Thursday, April 03, 2008

Papa Spain

Taking a day off in the City? Check out two vintage Spanish Civil War docs playing afternoons this week at the MoMA. You can come late too.

The first feature is Joris Ivens’s The Spanish Earth, best remembered for the commentary and narration by Ernest Hemingway. It takes it name from the arid stretch of land that might feed the embattled Madrid if brave Republican farmers can finish their irrigation project. Evidently, this is the plain in Spain where it never rains. Hemingway tells viewers “we” have always wanted to irrigate the land but “they” would not allow it.

Despite its reputation, Earth does not hold up well. Ivens, a recipient of the Lenin Peace Prize, was a doctrinaire Communist. For all the talk of human dignity in Earth, Ivens had no qualms about whitewashing slave labor when filming a documentary about a Soviet construction behemoth in 1931. Frankly, his visuals here are not particularly strong. While always completely earnest, many his scenes of peasants marching through the rocky fields cry out for Tom Servo and Crow T. Robot, as they resemble the technical films MST3K used to send-up.

Earth fails precisely for the reasons the writings on the same war by Orwell and Hemingway himself are timeless. Their books capture the chaos and ambiguity of the Civil War, with its frustrating in-fighting between the Communists and anarchists, and the atrocities committed by both sides, including the Republicans, especially against the Church (which is conspicuously absent in Earth). Frankly, the film is not particularly effective as propaganda either, employing class warfare rhetoric and a grating score by longtime Communist Marc Blitzstein (when trying to generate Spanish sympathy, why not try some flamenco?).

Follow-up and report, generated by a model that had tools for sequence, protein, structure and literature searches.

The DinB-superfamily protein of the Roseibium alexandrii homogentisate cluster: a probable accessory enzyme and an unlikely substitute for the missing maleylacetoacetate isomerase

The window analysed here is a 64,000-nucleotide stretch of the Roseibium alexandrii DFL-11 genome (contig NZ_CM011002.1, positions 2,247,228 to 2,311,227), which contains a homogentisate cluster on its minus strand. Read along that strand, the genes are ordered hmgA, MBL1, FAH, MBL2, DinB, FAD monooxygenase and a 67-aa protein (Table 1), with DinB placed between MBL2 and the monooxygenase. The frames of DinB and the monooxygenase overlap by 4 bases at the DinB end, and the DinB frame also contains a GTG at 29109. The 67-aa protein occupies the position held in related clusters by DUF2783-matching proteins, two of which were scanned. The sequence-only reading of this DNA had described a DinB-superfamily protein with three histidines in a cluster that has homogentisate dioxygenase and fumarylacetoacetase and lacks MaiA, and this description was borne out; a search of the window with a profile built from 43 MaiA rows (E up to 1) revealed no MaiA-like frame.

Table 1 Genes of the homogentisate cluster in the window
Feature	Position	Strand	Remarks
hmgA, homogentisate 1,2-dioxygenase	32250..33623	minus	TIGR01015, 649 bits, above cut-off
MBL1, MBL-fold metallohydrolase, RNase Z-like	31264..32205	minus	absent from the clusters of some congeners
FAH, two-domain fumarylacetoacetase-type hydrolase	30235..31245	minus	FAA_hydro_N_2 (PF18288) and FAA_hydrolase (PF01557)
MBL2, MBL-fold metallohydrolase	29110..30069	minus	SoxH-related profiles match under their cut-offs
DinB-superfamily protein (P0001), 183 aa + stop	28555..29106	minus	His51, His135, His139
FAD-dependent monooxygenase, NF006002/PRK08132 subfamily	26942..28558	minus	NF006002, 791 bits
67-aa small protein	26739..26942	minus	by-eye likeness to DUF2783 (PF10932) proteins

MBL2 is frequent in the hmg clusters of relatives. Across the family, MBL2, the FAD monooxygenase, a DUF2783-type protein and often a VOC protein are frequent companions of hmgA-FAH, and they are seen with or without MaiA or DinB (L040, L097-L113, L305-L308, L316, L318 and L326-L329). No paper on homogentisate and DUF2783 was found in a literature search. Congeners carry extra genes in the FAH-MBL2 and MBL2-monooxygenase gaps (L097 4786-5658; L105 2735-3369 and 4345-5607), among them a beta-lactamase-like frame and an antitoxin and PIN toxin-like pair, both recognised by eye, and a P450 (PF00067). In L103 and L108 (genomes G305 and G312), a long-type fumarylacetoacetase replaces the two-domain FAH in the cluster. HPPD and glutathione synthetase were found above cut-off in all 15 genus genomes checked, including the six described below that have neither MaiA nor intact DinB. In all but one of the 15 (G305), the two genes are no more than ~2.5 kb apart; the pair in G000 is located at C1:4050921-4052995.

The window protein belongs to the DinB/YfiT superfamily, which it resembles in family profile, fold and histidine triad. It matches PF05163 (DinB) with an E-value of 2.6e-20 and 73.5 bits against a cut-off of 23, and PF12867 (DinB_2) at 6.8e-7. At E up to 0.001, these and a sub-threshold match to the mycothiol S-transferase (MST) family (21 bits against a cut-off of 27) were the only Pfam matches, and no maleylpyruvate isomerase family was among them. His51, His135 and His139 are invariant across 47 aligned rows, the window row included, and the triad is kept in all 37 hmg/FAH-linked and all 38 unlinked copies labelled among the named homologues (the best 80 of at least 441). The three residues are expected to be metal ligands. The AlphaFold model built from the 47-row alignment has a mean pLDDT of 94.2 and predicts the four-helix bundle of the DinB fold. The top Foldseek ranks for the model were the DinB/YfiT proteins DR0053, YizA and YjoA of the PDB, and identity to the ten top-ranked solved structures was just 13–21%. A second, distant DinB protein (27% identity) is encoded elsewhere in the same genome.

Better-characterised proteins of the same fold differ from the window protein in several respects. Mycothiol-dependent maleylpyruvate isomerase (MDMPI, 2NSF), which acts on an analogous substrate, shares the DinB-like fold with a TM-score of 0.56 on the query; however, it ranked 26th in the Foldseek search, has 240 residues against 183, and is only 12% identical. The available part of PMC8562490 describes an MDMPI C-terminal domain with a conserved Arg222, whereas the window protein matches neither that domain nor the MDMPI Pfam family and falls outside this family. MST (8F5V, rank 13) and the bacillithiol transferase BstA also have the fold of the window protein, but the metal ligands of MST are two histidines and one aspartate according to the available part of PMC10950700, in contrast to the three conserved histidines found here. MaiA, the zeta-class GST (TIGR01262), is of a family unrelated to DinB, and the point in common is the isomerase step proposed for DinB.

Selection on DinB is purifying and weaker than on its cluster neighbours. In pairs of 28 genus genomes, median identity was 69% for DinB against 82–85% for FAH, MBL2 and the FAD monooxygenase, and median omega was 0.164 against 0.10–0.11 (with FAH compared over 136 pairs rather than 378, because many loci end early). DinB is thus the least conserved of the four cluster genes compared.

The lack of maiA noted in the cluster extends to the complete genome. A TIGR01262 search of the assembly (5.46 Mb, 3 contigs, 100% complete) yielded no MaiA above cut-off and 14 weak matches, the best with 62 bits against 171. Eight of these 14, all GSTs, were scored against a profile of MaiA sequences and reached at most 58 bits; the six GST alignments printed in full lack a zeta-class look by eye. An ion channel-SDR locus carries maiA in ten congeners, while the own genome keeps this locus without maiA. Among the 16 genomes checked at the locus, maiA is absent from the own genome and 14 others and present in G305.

Conversely, Return to Life from celebrated photographer Henri Cartier-Bresson and leftist director Herbert Kline is much more successful, both as film and propaganda. As would be expected, it is visually much more striking, and the soundtrack effectively uses traditional Spanish folk music. Convincingly describing the war in terms of democracy under attack and focusing on the Republican medical corps, Return is essentially a Why We Fight for the Loyalist cause.

Interestingly, both films mention in passing the Moorish legions fighting with Franco’s Royalists and Mussolini’s fascists. It was a little remarked upon early case of cooperation between Islamists and fascists that has continued to develop, as explicated in Barbet Schroeder’s documentary Terror’s Advocate.

Earth has historical significance largely as vehicle to hear Hemingway’s voice. His words about the “good fight” are far richer in For Whom the Bell Tolls and his short stories. While it was certainly also produced for propaganda purposes, Return is a very watchable film, continuing to serve the historic interests of the Republican cause. Both films screen together at MoMA today and tomorrow.